International peacekeeping troops are consolidating their presence in Haiti after President Jean-Bertrand Aristide fled into exile amid an uprising.
Canadian special forces secured the capital's airport
An advance contingent of about 100 US Marines was followed by French soldiers as military transporters flew into the capital Port-au-Prince.
The city was in chaos after Haitians learned of their president's exit.
But correspondents say the situation now appears calmer and people have started returning to the streets.
Canadian special forces
More countries expected to join later
A group of around 70 men, including the rebel leader Guy Philippe, drove straight through roadblocks in the capital and met no resistance from supporters of the ousted president on Monday.
The BBC's Stephen Gibbs, in Port-au-Prince, says a carnival atmosphere greeted the rebels' arrival.
Mr Philippe's first stop was a police station in the capital. He says he wants to work with Haiti's police force and the international troops to restore security to Haiti.
US Secretary of State Colin Powell says he expects the Americans eventually to number about 1,000 troops.
"I don't think there will be a great deal of fighting, but they have to be prepared for that," Mr Powell told CBS's The Early Show.
Our correspondent says US Marines have already set up a command centre in the airport's VIP lounge.
Several hundred French soldiers were arriving throughout Monday
The first groups of about 50 French soldiers, the US Marines and Canadian forces already on the ground will be followed by reinforcements in a mission backed by the United Nations.
Several hundred French soldiers were expected to arrive in Haiti by Monday night, and Paris has also dispatched a platoon of police officers from a special riot control unit.
Our correspondent says the international troops are entering a lawless city, with some evidence of revenge killings as anti-government rebels clash with supporters of Mr Aristide.
But he says the amateur soldiers roaming the streets are likely to capitulate when faced with professionals from an international force.
Violence flared in the city after Mr Aristide fled the country, with some of the widespread looting and destruction apparently a frustrated response to the ceding of power.
Mr Aristide, his wife and three children arrived in the Central African Republic on Monday. It is not yet clear whether they will stay there or seek asylum in a third country.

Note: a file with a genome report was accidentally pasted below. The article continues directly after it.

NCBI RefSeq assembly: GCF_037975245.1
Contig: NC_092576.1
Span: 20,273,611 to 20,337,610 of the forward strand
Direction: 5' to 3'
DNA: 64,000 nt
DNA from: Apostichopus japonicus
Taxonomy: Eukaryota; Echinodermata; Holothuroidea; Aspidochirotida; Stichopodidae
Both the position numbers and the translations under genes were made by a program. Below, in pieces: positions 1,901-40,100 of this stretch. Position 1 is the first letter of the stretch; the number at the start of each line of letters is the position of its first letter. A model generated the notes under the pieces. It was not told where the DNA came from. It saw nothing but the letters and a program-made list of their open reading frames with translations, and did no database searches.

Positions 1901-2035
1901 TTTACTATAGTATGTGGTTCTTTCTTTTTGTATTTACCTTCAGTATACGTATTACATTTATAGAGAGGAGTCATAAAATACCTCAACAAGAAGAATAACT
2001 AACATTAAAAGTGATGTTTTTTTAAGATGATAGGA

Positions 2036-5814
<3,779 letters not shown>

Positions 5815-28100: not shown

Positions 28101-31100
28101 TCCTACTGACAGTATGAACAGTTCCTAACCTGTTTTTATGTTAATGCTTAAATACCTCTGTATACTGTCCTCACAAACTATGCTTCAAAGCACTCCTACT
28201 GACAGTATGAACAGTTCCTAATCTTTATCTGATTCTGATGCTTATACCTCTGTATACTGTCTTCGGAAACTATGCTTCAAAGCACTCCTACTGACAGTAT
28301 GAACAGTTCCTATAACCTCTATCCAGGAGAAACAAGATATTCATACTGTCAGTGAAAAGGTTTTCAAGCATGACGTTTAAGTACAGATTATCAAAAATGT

Canadian special forces are also at Port-au-Prince airport, where they are helping Canadian nationals who wish to leave Haiti.
US defence officials say the US will take initial command of the multinational force, though that could change once the full UN operation begins.
As well as trying to restore peace in Port-au-Prince, the US Marines will help to deliver humanitarian assistance and repatriate any Haitians caught at sea.
The UN Security Council unanimously authorised a force to stay in Haiti for up to three months to restore security and stability on Sunday night.
It is expected to be followed by a UN stabilisation force, probably including civilian police, which has no time limit.
UN Secretary General Kofi Annan said the international community needed to make a long-term commitment to help Haiti "over the long haul".
All sides in the Haitian conflict have also called for peace.
Rebel leader Guy Philippe, who had been massing his men for an assault on the capital, welcomed the foreign intervention, said: "We just want peace."
Interim leader Boniface Alexandre warned that the future would be difficult.
"Haiti is in crisis... It needs all its sons and daughters. No-one should take justice into their own hands," he urged.
Mr Aristide issues a statement from his temporary shelter in the Central African Republic, criticising the rebels who prompted the crisis by seizing towns and cities across the north in a month-long uprising.
"In overthrowing me, they cut down the tree of peace," he was quoted as saying by the Associated Press news agency.
"But it will grow again, because the roots are well-planted."
The violent protests stemmed from disputed elections in 2000, which the opposition says were rigged.